After 15 months of clamoring for Scott Walker’s recall, Wisconsin Democrats learned in the May 8 primary that Republicans are just as energized in their defense of the first-term governor.
Walker collected almost as many votes as all four Democratic candidates combined in a race he was all but assured of winning. A count by the Associated Press had the governor winning 626,538 votes compared with 665,436 for Milwaukee Mayor Tom Barrett and three other contenders.
“The Republicans treated this in terms of getting out their vote as if it were a general election,” Barrett said during a news conference yesterday in Milwaukee. “They worked as hard as they could.”
The turnout offered a hint of what might come June 5 with two energized parties clashing in only the third recall of a governor in U.S. history, said Charles Franklin, who directs the Marquette Law School poll. In 2010, 2.1 million people voted in the governor’s race.
“There’s every reason to believe we’ll hit 2.5 million or higher, easily,” Franklin said.
With 26 days before the recall vote, polls show hardened attitudes among Republicans and Democrats.
“Governor Walker’s supporters are fired up and are ready to do whatever it takes to win this thing,” said Ben Sparks, communications director for the Republican Party of Wisconsin. “Intensity is high.”
While Barrett won his party’s primary -- and a do-over of the 2010 gubernatorial contest that he lost -- the selection of a nominee “is almost irrelevant,” said Dane County Democratic Party Chairman Mike Basford. “For many, the only candidate on the ballot is Scott Walker.”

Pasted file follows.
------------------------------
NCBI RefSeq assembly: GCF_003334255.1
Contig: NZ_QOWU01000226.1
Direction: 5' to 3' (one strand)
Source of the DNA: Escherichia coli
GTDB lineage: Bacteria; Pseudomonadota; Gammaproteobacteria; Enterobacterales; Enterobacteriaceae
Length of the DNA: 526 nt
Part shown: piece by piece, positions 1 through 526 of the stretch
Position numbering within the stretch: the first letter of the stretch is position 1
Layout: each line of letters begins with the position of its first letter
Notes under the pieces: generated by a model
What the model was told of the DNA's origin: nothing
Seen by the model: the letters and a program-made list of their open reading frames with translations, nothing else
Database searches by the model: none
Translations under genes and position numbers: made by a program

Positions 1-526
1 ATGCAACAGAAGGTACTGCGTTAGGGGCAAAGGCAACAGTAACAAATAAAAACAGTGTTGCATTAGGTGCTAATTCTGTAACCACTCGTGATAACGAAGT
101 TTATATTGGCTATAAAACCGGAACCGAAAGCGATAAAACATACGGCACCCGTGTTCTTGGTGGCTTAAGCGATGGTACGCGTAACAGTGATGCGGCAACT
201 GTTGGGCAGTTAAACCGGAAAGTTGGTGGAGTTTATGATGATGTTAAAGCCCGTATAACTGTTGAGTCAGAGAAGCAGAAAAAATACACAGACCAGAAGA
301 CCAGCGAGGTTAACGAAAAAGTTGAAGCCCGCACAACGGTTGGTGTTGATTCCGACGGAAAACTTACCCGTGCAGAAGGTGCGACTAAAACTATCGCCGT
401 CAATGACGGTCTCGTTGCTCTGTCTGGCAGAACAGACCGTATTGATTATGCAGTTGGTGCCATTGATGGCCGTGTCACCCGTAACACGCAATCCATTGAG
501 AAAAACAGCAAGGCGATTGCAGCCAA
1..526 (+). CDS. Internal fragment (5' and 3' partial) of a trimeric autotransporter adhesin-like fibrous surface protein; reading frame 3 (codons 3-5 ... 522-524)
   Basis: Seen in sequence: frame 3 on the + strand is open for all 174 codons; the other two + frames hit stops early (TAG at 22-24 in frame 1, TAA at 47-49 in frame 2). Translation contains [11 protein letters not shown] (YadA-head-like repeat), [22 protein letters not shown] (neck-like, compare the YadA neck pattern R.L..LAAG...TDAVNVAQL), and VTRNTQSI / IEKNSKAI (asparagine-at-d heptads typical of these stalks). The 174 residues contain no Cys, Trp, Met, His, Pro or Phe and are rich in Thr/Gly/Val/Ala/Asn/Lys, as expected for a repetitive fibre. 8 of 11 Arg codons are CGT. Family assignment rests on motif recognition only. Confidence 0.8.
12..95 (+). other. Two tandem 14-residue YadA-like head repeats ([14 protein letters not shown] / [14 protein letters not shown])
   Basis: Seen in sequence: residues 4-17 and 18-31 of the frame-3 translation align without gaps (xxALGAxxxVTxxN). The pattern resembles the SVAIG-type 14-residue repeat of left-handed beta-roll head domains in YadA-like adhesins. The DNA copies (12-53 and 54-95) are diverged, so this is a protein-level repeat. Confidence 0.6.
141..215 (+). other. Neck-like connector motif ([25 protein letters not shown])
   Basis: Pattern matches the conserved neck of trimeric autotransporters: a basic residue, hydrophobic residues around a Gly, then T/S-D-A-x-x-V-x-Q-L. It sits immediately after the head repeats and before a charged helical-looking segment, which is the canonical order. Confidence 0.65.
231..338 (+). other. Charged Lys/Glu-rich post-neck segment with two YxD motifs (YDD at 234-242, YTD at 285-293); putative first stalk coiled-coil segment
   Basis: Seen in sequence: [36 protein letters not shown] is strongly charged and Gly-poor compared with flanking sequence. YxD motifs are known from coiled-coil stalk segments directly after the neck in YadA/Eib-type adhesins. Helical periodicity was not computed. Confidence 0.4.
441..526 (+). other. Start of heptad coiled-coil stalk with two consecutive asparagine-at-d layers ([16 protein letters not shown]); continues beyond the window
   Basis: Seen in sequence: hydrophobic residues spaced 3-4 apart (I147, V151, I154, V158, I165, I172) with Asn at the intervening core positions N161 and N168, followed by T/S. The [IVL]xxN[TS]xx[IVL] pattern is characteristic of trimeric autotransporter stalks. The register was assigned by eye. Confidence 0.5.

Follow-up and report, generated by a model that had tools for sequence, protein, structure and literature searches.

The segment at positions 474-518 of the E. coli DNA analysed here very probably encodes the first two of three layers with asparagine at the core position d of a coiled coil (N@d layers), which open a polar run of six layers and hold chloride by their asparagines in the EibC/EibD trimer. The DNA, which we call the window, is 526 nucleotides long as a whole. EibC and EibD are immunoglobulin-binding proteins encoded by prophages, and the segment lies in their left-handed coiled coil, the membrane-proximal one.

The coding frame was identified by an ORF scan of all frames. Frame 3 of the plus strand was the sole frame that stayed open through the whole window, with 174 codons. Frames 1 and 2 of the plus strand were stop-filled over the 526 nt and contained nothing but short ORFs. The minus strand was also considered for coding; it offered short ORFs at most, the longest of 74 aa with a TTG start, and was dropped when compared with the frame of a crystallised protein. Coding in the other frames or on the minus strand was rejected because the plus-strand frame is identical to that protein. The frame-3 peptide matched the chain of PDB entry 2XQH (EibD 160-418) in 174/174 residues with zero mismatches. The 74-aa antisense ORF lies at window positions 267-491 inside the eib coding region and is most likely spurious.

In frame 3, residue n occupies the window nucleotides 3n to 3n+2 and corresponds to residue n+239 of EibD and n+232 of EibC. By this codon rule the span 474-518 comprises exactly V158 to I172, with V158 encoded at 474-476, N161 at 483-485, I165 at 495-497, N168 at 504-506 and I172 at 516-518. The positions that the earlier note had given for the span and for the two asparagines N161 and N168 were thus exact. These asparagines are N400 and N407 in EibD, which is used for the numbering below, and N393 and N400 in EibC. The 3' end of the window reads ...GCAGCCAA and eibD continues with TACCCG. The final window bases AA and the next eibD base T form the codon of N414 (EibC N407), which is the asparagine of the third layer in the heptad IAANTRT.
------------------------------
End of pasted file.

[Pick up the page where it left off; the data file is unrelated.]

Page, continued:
Barrett’s 24 percentage point win over former Dane County Executive Kathleen Falk shows how the effort to oust Walker has changed. In February 2011, protesters massed at the Capitol in Madison objecting to limits on collective bargaining by most public workers that Walker pushed through the Republican-dominated Legislature.
Organized labor played a key role in obtaining signatures to force the recall election, yet a May 2 Marquette poll showed that Walker’s union law was not the top concern of Democrats. Job creation ranked first, at 46 percent. Defeating Walker ranked second at 25 percent and ending divisiveness was third at 14 percent.
Restoring collective-bargaining rights was fourth, with 12 percent, the poll said.
Democrats are drawing from the Republican campaign playbook against President Barack Obama and turning it against the governor. They point to Walker’s promise of 250,000 new jobs in his first term and note that Wisconsin has lost more employment than any other state in the past year.
Labor, which backed Falk, showed the limitations of its clout in the primary, Franklin said. Barrett ran up heavy majorities in blue-collar counties of southeastern Wisconsin.
“The recall shows how strong their organizing strengths are, but organizing takes you only so far,” Franklin said. “You have to have a candidate and the issues on your side. Barrett avoids some of the liabilities of being labor’s hand-picked candidate.”
Walker has raised more than $25 million for the recall and, as of April 30, had $4.9 million remaining, according to state finance records. The combined total of contributions, much of it coming from out-of-state interests, has already exceeded the $37.4 million spent in the 2010 governor’s race between Barrett and Walker.
Barrett, who lost to Walker by about 125,000 votes two years ago, said he “walks away encouraged” that more Democrats voted than Republicans. He said his party is united because “we all understand what’s at stake.”